FIG. 5 illustrates SEM images of different magnifications of a substrate manufactured as described above, using secondary electrons taken at a right angle to the surface. A uniform distribution of metal covered nanopillars is seen over a large area. The etched nanostructure can be repeated over an area of a 4 inch silicon wafer or even larger wafers. Thus, as large areas of these substrates can be produced at a low cost, this will facilitate widespread use of the powerful SERS sensing technique in numerous applications where trace level chemical detection is necessary.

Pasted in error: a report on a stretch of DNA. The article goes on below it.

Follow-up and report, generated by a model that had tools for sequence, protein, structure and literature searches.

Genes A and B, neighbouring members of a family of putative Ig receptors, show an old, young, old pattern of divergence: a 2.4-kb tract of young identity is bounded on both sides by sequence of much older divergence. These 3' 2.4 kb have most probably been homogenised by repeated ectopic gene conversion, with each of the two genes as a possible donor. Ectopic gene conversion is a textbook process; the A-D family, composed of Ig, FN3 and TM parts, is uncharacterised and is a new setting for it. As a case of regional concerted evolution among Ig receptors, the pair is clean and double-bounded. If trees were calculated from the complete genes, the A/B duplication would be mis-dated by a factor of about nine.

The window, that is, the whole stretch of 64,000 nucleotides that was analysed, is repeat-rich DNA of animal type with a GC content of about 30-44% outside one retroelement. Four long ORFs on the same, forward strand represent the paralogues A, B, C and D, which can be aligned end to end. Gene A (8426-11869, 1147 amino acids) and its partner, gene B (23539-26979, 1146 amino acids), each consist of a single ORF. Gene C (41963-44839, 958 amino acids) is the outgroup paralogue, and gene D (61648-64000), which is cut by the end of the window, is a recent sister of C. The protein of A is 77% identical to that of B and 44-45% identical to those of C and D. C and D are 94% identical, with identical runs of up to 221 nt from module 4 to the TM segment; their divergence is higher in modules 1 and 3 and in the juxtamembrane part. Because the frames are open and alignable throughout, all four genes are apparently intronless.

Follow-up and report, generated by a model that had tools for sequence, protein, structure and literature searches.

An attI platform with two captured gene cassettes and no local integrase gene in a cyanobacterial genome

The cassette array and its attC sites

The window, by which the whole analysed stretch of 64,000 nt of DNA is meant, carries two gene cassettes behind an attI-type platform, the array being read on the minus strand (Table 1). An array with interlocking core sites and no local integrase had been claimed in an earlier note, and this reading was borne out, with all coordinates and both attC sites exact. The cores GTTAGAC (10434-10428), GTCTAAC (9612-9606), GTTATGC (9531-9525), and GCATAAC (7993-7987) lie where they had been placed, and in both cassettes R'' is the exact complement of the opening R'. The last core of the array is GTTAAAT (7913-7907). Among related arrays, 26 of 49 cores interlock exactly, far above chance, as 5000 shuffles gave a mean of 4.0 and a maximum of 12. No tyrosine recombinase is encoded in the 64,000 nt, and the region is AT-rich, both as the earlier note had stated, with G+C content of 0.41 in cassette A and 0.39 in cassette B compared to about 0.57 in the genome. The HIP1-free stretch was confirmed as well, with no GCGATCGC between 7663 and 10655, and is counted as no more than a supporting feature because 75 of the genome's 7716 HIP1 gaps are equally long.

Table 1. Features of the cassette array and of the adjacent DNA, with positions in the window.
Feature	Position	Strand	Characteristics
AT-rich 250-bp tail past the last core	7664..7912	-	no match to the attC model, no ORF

It is clear that the very small tip distance is advantageous for the large Raman enhancement but that it is problematic for metallization. If the pillars were fabricated with a spacing necessary to form hot spots without leaning (distance<5 nm) then metallization of individual nanopillars would be virtually impossible as a continuous silver layer would form on top of the pillars. Thus, leaning of the nanopillars is an advantageous manner of obtaining one without encountering the problem or the other. When the nanopillars 20 can lean, the density of the nanopillars 20 can be tuned to facilitate optimal metallization with respect to the wavelength of the laser to be used for analysis. In addition, the density may be adapted to ensure that the size of the resulting tips also is suitable to the laser or radiation wavelength to be used. The metal tip diameter preferably is significantly smaller than the wavelength of the excitation wavelength. On the other hand, the height of the nanopillars may be adapted to ensure (see further below) that the tips 30 of the bending nanopillars 20 are able to touch or get sufficiently close for the hot spots to form.